We pause for a crass commercial announcement

The Book is out. The first fifty copies arrived in Jefferson City Saturday. Several hundred more are coming today.

No, The Book in this case is not the Bible. It’s the Capitol book that co-author Jeffrey Ball and I have worked on for a decade. The University of Missouri Press has taken our words, combined them with some outstanding photography by Jefferson City photographer Lloyd Grotjan, and legislative photographers Tim Bommel and Harrison Sweazea, as well as archival photographs borrowed from London to Taos, New Mexico to publish a stunningly beautiful book, THE ART OF THE MISSOURI CAPITOL; HISTORY IN CANVAS, BRONZE, AND STONE.

Pardon the gushing, please. Even if we had not invested all this time in chasing research leads and composing the manuscript, we would be impressed by the incredible editing and layout done by the folks at UMP.

Of course, they had some pretty incredible visuals to work with. I’ve been in a majority of the state capitols and none can match the decorations of Missouri’s capitol either in quantity or in quality.

So after all this time, there is this beautiful 5-pound, 11.5-ounce, 400 page book. Our capitol deserves such a book. Somebody had to write one. Destiny, circumstance, predestination, the alignment of the planets, divine guidance–whatever word or phrase is appropriate to your philosophy—made us the somebodies.

The book’s coming-out event will be tomorrow, Tuesday, May 10th, when Jeff and I do a signing of the first copies in the third-floor rotunda at the capitol, an area many think of as the most beautiful part of the building, surrounded by Sir Frank Brangwyn’s towering (22×45 feet) murals. There’s another signing next Saturday at the Salt River Festival at Mark Twain Lake and a third one at Downtown Book and Toy in Jefferson City on the 18th.

The good Lord has seen to it, however, that I not become too inflated about this book. Earlier this morning I was showing it to one of our dear friends, a secretary in our company who has helped in so many ways by copying photos and postcards and documents that were part of the research for all these years. I listed her in the acknowledgements.

And I misspelled her name.

I’ve known Joyce Steinman for about thirty years. I wrote her name in the manuscript seven or eight years ago. The manuscript has been reviewed, revised, and proof-read I don’t know how many times—there have been about seven or eight versions of the manuscript. And I never caught that mistake.

Authors live with the lurking fear that the final, finished, permanent product will contain a mistake that hides throughout the editing process regardless of the care that is exercised in repeated reviews of the material and waits to spring from the printed and bound page, snarling about the writer’s incompetence.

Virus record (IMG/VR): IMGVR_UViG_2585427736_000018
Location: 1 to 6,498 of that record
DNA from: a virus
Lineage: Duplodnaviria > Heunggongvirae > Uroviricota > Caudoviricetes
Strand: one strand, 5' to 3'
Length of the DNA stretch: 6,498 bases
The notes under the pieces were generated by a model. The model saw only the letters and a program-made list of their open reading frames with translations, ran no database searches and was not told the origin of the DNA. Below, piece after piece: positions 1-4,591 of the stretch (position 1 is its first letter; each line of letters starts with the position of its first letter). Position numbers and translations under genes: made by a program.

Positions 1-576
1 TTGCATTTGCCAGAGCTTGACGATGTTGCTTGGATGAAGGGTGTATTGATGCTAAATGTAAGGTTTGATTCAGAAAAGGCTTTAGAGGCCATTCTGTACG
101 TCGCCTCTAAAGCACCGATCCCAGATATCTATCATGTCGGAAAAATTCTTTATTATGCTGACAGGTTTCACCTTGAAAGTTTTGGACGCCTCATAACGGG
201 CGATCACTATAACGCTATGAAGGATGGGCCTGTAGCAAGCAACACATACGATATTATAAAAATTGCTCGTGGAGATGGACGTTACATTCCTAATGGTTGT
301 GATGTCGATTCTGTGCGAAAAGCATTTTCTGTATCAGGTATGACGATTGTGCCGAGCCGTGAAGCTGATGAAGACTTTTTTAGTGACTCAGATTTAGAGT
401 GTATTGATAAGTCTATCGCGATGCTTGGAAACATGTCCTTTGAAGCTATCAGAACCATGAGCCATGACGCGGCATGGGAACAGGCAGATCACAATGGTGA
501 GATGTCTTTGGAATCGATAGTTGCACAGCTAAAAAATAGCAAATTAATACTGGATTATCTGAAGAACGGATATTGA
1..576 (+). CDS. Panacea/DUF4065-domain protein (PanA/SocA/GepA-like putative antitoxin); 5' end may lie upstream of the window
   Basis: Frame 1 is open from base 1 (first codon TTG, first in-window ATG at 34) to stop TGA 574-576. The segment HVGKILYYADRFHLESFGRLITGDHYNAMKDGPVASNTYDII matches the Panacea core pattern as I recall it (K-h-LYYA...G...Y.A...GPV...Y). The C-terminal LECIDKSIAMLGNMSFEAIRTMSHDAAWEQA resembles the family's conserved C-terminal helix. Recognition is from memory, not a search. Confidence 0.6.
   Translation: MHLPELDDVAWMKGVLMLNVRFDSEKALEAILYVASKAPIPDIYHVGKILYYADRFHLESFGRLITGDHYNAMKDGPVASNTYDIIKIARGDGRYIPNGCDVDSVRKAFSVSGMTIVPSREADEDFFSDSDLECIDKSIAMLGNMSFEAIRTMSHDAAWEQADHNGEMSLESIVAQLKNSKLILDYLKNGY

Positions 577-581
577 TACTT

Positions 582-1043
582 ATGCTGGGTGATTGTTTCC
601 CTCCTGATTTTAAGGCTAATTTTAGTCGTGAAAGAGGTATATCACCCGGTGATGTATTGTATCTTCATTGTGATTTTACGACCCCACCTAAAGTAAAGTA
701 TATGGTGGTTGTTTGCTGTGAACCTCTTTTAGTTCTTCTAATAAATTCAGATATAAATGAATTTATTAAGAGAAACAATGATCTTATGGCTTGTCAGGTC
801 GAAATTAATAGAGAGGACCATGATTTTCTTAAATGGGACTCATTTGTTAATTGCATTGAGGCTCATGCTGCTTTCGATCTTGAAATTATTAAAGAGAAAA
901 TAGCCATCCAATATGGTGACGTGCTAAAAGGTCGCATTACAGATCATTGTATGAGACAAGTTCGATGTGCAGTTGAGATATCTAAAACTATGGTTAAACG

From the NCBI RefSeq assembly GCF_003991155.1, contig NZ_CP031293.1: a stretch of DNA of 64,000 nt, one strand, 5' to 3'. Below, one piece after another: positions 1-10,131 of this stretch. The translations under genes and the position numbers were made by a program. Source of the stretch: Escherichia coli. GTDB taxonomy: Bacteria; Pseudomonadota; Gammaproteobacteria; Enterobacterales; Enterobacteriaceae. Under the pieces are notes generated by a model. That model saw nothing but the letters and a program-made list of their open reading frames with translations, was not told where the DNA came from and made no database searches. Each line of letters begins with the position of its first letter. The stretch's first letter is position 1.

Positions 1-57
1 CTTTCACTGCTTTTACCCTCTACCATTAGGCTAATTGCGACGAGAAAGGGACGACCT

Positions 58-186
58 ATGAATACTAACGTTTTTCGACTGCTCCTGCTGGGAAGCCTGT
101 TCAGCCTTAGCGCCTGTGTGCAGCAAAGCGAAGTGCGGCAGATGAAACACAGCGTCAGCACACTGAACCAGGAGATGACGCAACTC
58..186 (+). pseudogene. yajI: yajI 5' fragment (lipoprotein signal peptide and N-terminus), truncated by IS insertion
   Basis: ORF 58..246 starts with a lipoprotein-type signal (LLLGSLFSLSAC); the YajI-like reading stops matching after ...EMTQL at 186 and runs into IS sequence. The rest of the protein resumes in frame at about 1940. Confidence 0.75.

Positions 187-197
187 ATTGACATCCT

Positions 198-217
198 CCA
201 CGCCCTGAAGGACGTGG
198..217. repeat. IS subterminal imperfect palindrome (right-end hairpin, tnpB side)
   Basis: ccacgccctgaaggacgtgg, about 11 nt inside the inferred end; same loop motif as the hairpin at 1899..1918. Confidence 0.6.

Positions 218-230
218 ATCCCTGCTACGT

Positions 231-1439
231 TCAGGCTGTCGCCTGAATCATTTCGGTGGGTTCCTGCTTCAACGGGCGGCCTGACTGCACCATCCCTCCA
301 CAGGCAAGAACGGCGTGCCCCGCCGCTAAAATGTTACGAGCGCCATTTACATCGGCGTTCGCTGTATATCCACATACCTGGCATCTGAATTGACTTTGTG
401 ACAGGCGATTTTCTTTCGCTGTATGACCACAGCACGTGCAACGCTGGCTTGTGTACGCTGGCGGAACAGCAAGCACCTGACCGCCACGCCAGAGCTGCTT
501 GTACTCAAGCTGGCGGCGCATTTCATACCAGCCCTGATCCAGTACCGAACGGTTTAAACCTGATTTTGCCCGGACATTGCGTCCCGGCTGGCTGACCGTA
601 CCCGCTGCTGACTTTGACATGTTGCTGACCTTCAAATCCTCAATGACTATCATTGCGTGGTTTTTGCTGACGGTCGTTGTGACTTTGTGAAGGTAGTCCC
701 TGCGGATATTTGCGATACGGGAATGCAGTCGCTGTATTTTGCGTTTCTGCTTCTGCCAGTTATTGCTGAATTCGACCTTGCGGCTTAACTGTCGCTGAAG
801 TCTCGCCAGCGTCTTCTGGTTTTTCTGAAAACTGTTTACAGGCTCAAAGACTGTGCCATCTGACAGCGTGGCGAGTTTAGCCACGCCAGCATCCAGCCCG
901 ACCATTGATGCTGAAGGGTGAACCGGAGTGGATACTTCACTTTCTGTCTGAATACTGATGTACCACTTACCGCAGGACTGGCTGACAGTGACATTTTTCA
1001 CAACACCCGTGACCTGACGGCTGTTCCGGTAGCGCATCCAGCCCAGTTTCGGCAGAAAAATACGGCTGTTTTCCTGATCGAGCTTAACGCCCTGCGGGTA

This day, a day I planned to spend basking in the praise of others, begins cloaked in guilt. It’s all so… Lutheran.

(I say that not because I’m a Lutheran–I am not—but because I have listened to Garrison Keillor’s interpretation of Lutheranism for so many years.)

We live in a state that has a capitol unique among statehouses. Jeff and I hope this book encourages pride in it, in its art and in the history captured in that art. We hope readers will come to understand that these are not mere paintings by some local folks who learned their techniques from schools that used to advertise on the inside of matchbook covers but are paintings, sculptures, stained glass windows, and tapestries created by some of the greatest names in American art, with a big assist from one of the United Kingdom’s greatest muralists.

There are some in the capitol who do not recognize the greatness around them, perhaps because they are so absorbed by the greatness they might erroneously believe exists within themselves. In adopting that attitude they fail to realize the value of the capitol as a symbol of our state and fail to realize that amidst the greatness of its art there are serious flaws in the building that need repair and correction. Maybe this book, if they care to read it, will encourage them to recognize that combination of greatness and flaws that make our capitol a true symbol of our state and its people. And perhaps they will, while acknowledging the greatness of both the building and the state, become more motivated to correct the flaws in both.

We interrupt this blog for a brief commercial message

The University of Missouri Press sent me a copy of its Spring/Summer 2011 Catalog yesterday

And finally it dawned on me that a decade of work, of research, of writing and re-writing, traveling, interviewing, digging and hoping is actually about over. Next March, if we hit all of our deadlines, a project with roots dating to 1975 will materialize.